Campus sexual assault survivors already do not feel safe reporting. The administration wants to make that worse. Stop them #ProtectTitleIX Learn how: HandsOffIX.org
Tell this administration that you #BelieveSurvivors. Submit a comment on the proposed changed to #ProtectTitleIX. Learn more at HandsOffIX.org
Tell the administration it’s time to stop investing on backwards false solutions like their proposed changes to TitleIX. #ProtectTitleIX. Learn more acesdv.org/civicengagenment.
The administration wants to bring the bad days of “boys will be boys” back to campuses with proposed rules changes on Title IX. #ProtectTitleIX by telling them no Learn more acesdv.org/civicengagenment.
With only a couple of days left it is important to make your voice heard by submitting a comment on her proposed Title IX rule. #ProtectTitleIX Learn how: HandsOffIX.org
Our partners at the National Alliance to End Sexual Violence shared this helpful FAQ on Violence Against Women Act (VAWA) and the Shutdown:
With VAWA technically expiring at the same time as the government shutdown, we have noticed that there is some confusion and misinformation about the impact of these two events. Please see below for clarification.
Does VAWA funding run out in a shutdown?
Technically no, but problems may arise with accessing funds if the shutdown lasts. The Administration is on a reduced staff during a shutdown. The Office on Violence Against Women (OVW) will stay open until further notice. If the shutdown extends beyond that time, it will be challenging for organizations dependent on VAWA funds to access those funds. This could mean that victims cannot access lifesaving services if the shutdown continues for any length of time.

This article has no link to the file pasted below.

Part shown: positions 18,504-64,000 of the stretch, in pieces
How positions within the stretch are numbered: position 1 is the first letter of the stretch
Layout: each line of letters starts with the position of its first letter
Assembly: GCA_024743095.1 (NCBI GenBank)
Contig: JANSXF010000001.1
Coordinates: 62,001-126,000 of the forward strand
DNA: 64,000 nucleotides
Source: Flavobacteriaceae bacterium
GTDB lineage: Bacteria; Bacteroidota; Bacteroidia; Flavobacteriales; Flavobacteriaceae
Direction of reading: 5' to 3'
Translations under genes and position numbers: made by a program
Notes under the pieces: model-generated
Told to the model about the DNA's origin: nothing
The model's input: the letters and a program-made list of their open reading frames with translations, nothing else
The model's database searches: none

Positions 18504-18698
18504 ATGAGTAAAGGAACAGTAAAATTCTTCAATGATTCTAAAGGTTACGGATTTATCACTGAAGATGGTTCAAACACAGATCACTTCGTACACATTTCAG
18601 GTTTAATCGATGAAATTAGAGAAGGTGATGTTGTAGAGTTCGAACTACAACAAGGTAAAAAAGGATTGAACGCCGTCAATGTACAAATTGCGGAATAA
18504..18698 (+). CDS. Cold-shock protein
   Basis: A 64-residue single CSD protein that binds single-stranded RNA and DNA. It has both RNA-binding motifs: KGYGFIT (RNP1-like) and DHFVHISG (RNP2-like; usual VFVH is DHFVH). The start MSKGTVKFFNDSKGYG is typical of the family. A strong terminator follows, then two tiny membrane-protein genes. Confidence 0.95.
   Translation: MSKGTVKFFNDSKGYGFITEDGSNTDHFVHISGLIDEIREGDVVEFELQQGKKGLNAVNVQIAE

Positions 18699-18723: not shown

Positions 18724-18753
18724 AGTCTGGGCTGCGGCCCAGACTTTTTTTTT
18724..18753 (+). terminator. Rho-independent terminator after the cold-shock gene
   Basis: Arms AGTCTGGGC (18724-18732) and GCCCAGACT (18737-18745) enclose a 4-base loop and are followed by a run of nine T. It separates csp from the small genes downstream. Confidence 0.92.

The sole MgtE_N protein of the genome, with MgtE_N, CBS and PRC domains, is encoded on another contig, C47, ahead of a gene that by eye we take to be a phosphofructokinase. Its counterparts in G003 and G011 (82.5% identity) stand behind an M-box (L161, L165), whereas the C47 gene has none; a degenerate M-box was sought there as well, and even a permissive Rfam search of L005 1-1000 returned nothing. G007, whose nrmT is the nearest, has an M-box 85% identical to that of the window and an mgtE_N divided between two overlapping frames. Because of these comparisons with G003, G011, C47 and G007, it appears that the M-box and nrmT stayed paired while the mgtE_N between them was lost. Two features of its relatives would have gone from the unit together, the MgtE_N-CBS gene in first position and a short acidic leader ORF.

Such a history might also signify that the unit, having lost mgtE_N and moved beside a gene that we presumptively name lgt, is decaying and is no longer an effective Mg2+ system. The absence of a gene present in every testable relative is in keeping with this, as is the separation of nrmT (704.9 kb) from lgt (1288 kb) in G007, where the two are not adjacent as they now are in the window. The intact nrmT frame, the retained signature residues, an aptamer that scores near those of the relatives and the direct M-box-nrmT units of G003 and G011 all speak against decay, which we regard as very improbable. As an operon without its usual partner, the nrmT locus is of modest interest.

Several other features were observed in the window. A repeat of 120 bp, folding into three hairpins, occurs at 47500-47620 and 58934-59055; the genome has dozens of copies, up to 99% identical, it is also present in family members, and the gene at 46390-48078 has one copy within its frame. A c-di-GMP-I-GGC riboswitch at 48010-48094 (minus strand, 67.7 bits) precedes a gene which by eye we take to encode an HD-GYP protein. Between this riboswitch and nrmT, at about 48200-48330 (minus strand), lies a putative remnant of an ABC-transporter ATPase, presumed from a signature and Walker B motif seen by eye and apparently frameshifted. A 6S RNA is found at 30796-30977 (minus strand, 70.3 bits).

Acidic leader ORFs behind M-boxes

VAWA expired when the Continuing Resolution expired. What does that mean for the protections and programs in the law?
We have worked for two years with Congress to urge passage of a Violence Against Women Reauthorization Act that would provide critical enhancements and improvements to the law. The law technically expired on December 21st. The protections enshrined in VAWA, however, continue to exist despite its expiration.
The funding will very likely continue, once an FY 2019 funding bill is complete. VAWA funds would have been safe in a continuing resolution like the Senate passed.
The government shutdown, not the lapse in authorization, is the most significant threat to continued VAWA funds.
What should Congress do?
The most urgent issue for victim service providers and the survivors they serve is access to continued grant funds. Congress must pass a funding bill (like the Senate passed on December 20th) that extends government funding until February 8, 2019. The President and Congress must end the shutdown to ensure continued access to lifesaving services.
When they return for the 116th Congress, Members of Congress should begin work on a bipartisan Violence Against Women Act (VAWA) to build on current protections and increase access to justice and safety for all survivors.
Can I do anything?
Feel free to weigh in on the shutdown with your Members of Congress and reassure survivors that they will have access to services for now. Contact NAESV if you have any questions.
At a survivor speakout we hosted this year, a survivor of sexual violence said these powerful words about sexual and domestic violence survivors: “We are told we should be silent when it’s inconvenient for those in power.” It’s true there is a long legacy in the United States of silencing, shaming, and ignoring the voices of domestic and sexual violence survivors. Yet, in 2018, the world watched as survivors refused to be silenced at an unprecedented scale, and the sexual and domestic violence community both in Arizona and nationwide stood with survivors and elevated their voices.